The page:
The space race just got a new entrant. France’s Zephalto is offering passengers the chance to travel to the stratosphere in a balloon, starting at €120,000 ($132,000) per person in 2025.
“I partnered with the French space agency, and we worked on the concept of the balloon together,” says Zephalto founder and aerospace engineer Vincent Farret d’Astiès.
He tells Bloomberg that he’s planning on 60 flights a year, with just six passengers on board each flight. The company aims to provide an experience that brings the best bits of French hospitality—fine food, wine and design—to the edges of space for those who can afford the six-figure ticket.
Balloons filled with helium or hydrogen will depart from France with two pilots on board and rise 25 kilometers (15.5 miles) into the stratosphere for 1 1/2 hours. Once at peak altitude, which is about three times higher than for a commercial airliner, the balloon will stay for three hours, giving guests a chance to take in views previously seen only by astronauts. The descent will take a further hour and a half, for a six-hour round trip.
“We choose 25 kilometers high because it’s the altitude where you are in the darkness of space, with 98% of the atmosphere below you, so you can enjoy the curvature of the Earth in the blue line. You’re in the darkness of space, but without the zero gravity experience,” says Farret d’Astiès.
NASA says outer space officially begins 50 miles above the Earth. Other international bodies put it at 62 miles (100 km) at what’s known as the Kármán Line.
The Consumer Space Race
Zephalto is a new European entrant in the commercial space race, but it’s not the only space balloon in the game. Florida-based Space Perspectives is offering voyages aboard its Neptune One vessel, going a little higher (19 miles) for a little less money: $125,000. Flights will begin in 2024.
Using rockets—and offering an option to experience weightlessness—both Virgin Galactic Holdings Inc. and Blue Origin LLC have launched civilian space flights that saw Richard Branson and Jeff Bezos suit up alongside space tourists for the flights. Blue Origin is aiming to restart its voyages by the end of this year since an unmanned rocket crashed in 2022.
On Monday, Elon Musk’s SpaceX was forced to delay its next-generation Starship rocket 10 minutes before liftoff; plans are to eventually fly tourists around the moon.
Unlike its American competitor, Zephalto will land on the ground not in the sea, and the company highlights its luxury design. Compared to rockets, space balloon options are for much more serene, less risky tourism, and anyone can go without prior training; if you’re fit to travel on a commercial airline, you’re fit to fly on this space balloon.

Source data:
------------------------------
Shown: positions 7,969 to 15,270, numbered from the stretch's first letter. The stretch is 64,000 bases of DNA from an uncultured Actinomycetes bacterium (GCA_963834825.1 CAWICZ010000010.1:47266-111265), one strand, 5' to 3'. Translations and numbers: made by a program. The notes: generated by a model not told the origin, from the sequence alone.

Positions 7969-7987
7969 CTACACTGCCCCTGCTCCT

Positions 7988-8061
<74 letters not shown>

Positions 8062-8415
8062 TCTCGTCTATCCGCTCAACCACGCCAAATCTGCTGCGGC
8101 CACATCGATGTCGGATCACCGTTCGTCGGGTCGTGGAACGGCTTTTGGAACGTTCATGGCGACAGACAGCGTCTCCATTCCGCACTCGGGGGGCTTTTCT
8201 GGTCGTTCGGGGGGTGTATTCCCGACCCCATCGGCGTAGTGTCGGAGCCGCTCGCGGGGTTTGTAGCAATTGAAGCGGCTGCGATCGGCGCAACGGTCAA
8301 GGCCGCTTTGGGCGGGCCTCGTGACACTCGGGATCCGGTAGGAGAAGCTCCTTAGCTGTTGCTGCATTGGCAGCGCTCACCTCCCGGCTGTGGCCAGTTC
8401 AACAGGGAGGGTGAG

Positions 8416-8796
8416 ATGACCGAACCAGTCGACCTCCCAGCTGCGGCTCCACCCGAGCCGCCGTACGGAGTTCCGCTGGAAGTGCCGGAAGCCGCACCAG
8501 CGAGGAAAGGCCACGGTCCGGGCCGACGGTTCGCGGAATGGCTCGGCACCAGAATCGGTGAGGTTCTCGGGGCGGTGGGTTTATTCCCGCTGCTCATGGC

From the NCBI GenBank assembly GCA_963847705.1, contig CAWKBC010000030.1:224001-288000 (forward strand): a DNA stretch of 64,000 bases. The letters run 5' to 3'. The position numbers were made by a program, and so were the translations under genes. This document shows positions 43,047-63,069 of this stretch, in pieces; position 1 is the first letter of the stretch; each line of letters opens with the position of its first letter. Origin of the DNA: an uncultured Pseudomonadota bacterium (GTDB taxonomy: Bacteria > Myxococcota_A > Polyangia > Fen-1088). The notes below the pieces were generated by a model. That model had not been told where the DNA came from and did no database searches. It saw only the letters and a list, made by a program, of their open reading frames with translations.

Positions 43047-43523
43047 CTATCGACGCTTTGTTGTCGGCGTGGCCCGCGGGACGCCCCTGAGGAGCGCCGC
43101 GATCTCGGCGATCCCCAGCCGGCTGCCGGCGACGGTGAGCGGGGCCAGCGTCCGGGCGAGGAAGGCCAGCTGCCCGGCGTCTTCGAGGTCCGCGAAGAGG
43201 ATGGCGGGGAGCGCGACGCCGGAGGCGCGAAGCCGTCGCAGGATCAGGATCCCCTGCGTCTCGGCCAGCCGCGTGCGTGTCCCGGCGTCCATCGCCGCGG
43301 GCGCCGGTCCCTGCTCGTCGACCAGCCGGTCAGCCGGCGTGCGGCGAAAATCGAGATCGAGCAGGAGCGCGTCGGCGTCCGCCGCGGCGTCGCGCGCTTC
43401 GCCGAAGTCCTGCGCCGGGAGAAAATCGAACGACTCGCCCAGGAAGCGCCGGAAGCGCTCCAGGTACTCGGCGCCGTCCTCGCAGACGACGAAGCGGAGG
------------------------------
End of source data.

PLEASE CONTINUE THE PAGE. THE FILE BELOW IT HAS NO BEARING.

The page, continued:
Balloons capable of reaching the stratosphere have been used by scientists and weather researchers since the 1930s. The crewed tourism aspect is the innovation. CNES (Centre national d’études spatiales, France’s space agency) has been sending balloons up for more than 60 years.
Joseph Dirand, a French designer of Balmain and Givenchy stores in Paris as well as such chic restaurants as Loulou and Monsieur Bleu, has been tapped to create the interiors. Dirand is known for his minimalist design style, which won’t distract passengers from the most important thing: views of the Earth.
“Design is about shaping experiences, and this experience will shape people’s lives,” says Dirand. “I hope that our guests will return to Earth with new perspectives towards our precious planet, its beauty and how to protect it better.”
The on-board experience will be tailored for individual customer preferences, with particular attention paid to food. Zephalto is striving to offer Michelin-star quality cuisine to guests, though the company declined to name any potential chef-partners. And while Farret d’Astiès wants people to savor the experience and be focused in the moment, Wi-Fi will be available so they can show the experience to friends and family back on Earth.
Wrapped into the fare, too: an option to speak with a psychologist before the flight. Seeing Earth from above can be challenging, says Farret d’Astiès.
“You need psychological preparation. We know from the 600 people who have went above this altitude that seeing Earth in the darkness is an experience that can be emotional,” he explains, citing the overview effect. The well-documented phenomenon of seeing the Earth from space can have a powerful effect on perspective.
Star Trek’s William Shatner, who traveled with Blue Origin in October 2021, said that looking down at Earth gave him the strongest feelings of grief he’d ever experienced.
Three test flights have been carried out by Zephalto with pilots on board, but none has yet reached the full altitude of 25 kilometers. Farret d’Astiès says a flight later this year should accomplish this.
He’s confident that it will succeed because the French space agency has long worked with high-altitude balloons. When all tests are passed, the balloon will earn EASA (European Aviation Safety Agency) certification as a commercial airliner.
While certification will allow the balloons to land anywhere in Europe, the initial flights will take off and land on French soil.
It’s a long-held dream of Zephalto’s founder, who says his family history is tied to balloon flight. His great-great-great-grandfather escaped Paris on a balloon in 1870 during the Franco-Prussian War. Unlike his ancestor, though, Farret d’Astiès intends to get a little closer to the stars.